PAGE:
Finally, if the fault is not in the input line, you need to check
the current draw of your battery charger. A circuit breaker will
trip under three possible conditions: too high current, too high
voltage (both of which will overheat the breaker and trip it), or a
short (including a ground fault). If your breaker trips after an
hour of operation, it may be that your battery charger is drawing too
much current, causing the breaker to trip from overheating. To check
for this, you need a system ammeter, or another way to measure
current draw. (Look up amelliahona's posts on how to measure
electricity draw).
Hope all this helps. Please ask more questions as you work on the
problem. That's what this site is all about.

Roy, Excalibur, SM #195


Richard Piller <richard03801@...>
 

Hi, we had the same kind of issues and removed the
AMEL supplied charger and transformer. One is tha the
transformer is alway hot given it is a coil designe to
store power. So you always have hgh voltage present.
BE VERY VERY CAREFUL IF YOU HAVE TO WORK ON IT...

We replaced the charger with a 90-260 volt 50/60 cycle
Dolphine (the US name for a Rya charger that Amel
used). We also installed an inverter wired to the 24
volt bank to run our 110 volt cycle stuff. This work
quite well with no "dock" voltage issues. We also ran
all of 110 volt plug off the inverter. That did not
take much to wire as we simply picked up the 110 line
in the engine room from the inverter. Not a big deal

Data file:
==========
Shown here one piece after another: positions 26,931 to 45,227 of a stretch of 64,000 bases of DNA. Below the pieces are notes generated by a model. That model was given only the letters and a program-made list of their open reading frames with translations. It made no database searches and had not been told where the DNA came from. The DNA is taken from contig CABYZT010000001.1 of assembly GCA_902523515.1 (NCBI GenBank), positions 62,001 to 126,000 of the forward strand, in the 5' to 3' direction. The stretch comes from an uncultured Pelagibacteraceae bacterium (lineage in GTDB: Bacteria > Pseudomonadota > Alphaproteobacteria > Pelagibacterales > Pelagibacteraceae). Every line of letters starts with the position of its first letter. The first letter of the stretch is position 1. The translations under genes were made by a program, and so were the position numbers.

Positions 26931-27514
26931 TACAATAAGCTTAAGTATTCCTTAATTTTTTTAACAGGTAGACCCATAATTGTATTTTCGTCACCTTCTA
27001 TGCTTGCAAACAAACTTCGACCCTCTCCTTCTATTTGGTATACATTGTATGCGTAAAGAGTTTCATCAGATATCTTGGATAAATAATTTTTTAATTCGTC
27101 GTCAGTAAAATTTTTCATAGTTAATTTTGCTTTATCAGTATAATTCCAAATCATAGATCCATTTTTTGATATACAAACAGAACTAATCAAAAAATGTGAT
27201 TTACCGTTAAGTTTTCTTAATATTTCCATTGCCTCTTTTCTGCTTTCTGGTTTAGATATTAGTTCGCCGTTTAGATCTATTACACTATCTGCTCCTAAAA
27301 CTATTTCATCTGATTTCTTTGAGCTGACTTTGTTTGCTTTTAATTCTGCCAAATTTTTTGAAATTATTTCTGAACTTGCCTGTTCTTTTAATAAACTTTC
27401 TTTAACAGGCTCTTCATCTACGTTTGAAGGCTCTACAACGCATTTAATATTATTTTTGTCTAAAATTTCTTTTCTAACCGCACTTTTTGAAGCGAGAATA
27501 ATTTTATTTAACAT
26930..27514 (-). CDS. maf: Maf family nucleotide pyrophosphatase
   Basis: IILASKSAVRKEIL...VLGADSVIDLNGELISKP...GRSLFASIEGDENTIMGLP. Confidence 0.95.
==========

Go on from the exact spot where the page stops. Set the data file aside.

and used the 110 breaker for safety...
good luck and good charging..
Richard on SM 209 in Port Annapolis
--- rbenven44 <no_reply@yahoogroups.com> wrote:

Hi Pat,

I think I have the same electrical configuration
as you: a step-
up transformer that takes the 110V 60 Hz shore
power, and steps it up
to 220/230V 60 Hz. From there it goes to the
battery charger, the
water heater, A/C units, and other 220V appliances.
There is a
circuit breaker just above the transformer, near the
battery
charger. I have had this trip several times when
plugged in to shore
power in the US. Invariably, the problem was bad
shore power,
usually a small amount of voltage on the ground
lead, which leads to
the breaker tripping. As I said before, marina and
boatyard
electrical systems are notoriously prone to faults.
But it could also be caused by too high a voltage
on the 110V
input, resulting in more than 230V out of the
transformer. You can
check for both of these easily with a voltmeter. As
far as I know,
and in my experience, low voltage will not trip the
breaker, and 60Hz
(vs 50Hz)definitely will not. I have had low
voltage (around 180V
out of the transformer)for over a week at a marina,
and no problems
with either the battery charger or the circuit
breaker.
Finally, if the fault is not in the input line,
you need to check
the current draw of your battery charger. A circuit
breaker will
trip under three possible conditions: too high
current, too high
voltage (both of which will overheat the breaker and
trip it), or a
short (including a ground fault). If your breaker
trips after an
hour of operation, it may be that your battery
charger is drawing too
much current, causing the breaker to trip from
overheating. To check
for this, you need a system ammeter, or another way
to measure
current draw. (Look up amelliahona's posts on how to
measure
electricity draw).
Hope all this helps. Please ask more questions
as you work on the
problem. That's what this site is all about.

Roy, Excalibur, SM #195